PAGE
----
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I have the following class design:

struct compare{
template <typename T>
bool operator()(const T& a, const T&b){ return *a < *b;}
};

class Trans;

typedef set<shared_ptr<Trans>, compare > TransPointerSet;

class Place{

  // other data members
 TransPointerSet nextTrans;

public:

  // constructor and other methods including overloaded < operator
  void insertNextTrans(shared_ptr<Trans> t){ nextTrans.insert(t); }
  void removeNextTrans() { nextTrans.clear(); }

};

typedef set<shared_ptr<Place>, compare > PlacePointerSet;

class Trans{

//other data members
PlacePointerSet inPlaces;
PlacePointerSet outPlaces;

public:

//constructor and others including overloaded < operator
void insertInPlace(shared_ptr<Place> p){ 
     inPlaces.insert(p); 
     p->insertNextTrans(shared_ptr<Trans>(this)); }
void insertOutPlace(shared_ptr<Place> p){ //body }
void print() cosnt { //body }

};

class Net{
TransPointerSet acts;
//other data members
public:
//constructor and others
};

And here is my main for testing whether the classes are properly working or not.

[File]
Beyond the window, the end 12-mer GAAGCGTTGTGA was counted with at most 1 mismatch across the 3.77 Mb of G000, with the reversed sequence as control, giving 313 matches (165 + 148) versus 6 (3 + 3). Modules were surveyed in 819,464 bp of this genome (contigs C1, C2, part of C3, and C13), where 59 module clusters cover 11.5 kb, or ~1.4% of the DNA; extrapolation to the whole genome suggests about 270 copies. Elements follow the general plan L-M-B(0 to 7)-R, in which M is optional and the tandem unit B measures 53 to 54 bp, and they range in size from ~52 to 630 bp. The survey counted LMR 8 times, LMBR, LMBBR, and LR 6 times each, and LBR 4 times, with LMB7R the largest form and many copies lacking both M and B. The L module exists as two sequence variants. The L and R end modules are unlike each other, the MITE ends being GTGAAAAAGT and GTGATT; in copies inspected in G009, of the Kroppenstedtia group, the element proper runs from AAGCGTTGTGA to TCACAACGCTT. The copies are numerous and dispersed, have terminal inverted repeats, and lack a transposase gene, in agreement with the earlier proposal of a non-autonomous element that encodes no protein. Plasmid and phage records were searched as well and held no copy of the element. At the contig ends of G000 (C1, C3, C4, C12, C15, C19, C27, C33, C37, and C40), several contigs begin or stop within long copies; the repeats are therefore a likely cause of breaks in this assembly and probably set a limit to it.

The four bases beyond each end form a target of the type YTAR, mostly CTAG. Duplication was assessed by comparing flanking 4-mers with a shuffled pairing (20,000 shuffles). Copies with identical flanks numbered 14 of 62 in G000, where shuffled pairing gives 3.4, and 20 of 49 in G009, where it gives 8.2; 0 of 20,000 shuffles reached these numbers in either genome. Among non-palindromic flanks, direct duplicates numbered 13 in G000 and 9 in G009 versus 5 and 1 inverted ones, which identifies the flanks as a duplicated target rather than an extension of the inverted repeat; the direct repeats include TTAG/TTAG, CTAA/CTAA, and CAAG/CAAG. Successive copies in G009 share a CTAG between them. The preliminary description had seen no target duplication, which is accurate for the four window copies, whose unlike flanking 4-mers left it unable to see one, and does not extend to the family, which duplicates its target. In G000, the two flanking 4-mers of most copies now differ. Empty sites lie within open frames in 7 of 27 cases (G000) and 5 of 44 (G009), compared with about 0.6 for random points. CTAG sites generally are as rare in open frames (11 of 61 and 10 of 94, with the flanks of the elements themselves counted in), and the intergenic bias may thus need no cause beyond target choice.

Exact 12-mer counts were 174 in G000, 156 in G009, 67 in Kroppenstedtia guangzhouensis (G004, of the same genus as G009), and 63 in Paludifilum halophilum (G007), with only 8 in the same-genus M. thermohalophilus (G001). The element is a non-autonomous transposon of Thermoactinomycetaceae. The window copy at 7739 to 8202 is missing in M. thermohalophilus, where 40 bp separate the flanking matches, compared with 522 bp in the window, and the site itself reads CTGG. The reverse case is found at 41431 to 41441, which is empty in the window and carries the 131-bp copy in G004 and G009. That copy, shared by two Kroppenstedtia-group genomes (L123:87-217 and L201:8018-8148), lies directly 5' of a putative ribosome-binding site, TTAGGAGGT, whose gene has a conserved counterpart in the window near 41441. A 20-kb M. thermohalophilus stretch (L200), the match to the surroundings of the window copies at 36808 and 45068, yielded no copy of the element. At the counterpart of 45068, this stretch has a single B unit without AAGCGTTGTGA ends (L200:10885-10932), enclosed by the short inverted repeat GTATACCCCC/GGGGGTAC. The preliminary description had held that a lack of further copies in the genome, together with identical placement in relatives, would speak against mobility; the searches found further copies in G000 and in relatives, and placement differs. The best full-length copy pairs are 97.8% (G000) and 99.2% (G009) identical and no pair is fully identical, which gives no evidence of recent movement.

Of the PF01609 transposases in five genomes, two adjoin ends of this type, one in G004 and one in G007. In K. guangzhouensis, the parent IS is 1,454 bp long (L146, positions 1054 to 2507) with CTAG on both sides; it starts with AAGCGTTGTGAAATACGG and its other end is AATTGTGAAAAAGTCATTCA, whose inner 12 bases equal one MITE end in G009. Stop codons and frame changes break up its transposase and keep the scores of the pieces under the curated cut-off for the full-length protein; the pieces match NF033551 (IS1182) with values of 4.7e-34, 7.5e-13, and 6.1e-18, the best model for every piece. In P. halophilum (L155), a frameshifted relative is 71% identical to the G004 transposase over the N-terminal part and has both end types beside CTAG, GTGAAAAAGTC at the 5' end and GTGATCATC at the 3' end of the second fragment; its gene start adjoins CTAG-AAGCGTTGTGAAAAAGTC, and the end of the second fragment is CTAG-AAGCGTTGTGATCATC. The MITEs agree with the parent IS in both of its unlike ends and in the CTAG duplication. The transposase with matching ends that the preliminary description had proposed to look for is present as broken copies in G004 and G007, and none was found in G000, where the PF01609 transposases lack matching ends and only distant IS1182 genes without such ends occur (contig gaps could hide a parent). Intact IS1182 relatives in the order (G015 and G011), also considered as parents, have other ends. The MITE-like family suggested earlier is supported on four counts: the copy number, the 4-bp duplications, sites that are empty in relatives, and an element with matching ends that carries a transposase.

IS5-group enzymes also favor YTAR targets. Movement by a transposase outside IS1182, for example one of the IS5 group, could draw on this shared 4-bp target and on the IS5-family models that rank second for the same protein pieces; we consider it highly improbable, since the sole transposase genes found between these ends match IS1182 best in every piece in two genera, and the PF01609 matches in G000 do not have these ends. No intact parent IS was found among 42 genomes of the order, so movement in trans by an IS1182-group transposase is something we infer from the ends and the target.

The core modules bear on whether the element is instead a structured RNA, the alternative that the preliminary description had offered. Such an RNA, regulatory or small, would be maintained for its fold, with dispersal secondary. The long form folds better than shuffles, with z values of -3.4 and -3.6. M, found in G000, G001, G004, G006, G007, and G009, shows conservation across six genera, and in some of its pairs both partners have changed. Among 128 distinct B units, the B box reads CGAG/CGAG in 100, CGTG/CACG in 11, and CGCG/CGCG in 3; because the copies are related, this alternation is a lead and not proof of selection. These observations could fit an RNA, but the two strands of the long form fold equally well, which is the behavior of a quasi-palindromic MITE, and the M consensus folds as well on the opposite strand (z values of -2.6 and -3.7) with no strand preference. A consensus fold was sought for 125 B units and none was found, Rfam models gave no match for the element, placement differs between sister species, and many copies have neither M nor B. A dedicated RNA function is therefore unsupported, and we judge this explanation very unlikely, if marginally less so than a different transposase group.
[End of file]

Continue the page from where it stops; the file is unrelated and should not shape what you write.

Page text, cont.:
int main()
{
 shared_ptr<Place> p1 = make_shared<Place>();
shared_ptr<Place> p2 = make_shared<Place>();
shared_ptr<Trans> t = make_shared<Trans>();
t->insertInPlace(p1);
t->insertOutPlace(p2);
t->print();
}

The problem is after successful compilation it ends up with "double free or corruption (fasttop) error" after t->print() properly working. I realize the bug lies in the circular dependency created by firstly taking p1 as member of t->inPlaces which inserts t as member of p1. But I need this both way linking. Also, I tried to reset every member of nextTrans in class Place by a method after t->print(), but that didn't work because the pointers are in a set. So can anyone suggest any way to fix this problem?

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2 Answers 2

up vote 6 down vote accepted

It's because you can't make a shared pointer from this just like that. By doing it you now have two shared pointers to the Trans instance, both pointing to the same instance but with their separate reference counters. That means that both will try to delete the pointer.

You need to use std::enable_shared_from_this. The linked reference page have a very good example of your problem.

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Thanks! it helped a lot! –  Ahana Pradhan Jan 29 '14 at 9:49

This line in Trans::insertInPlace():

p->insertNextTrans(shared_ptr<Trans>(this)); 

creates a separate, unrelated shared pointer to the same object. You need to use std::enable_shared_from_this for the Trans class:

class Trans: public std::enable_shared_from_this {
    // ....
};

Then in Trans::insertInPlace():

p->insertNextTrans(shared_from_this());
share|improve this answer
    
Thanks! it helped a lot! –  Ahana Pradhan Jan 29 '14 at 9:49

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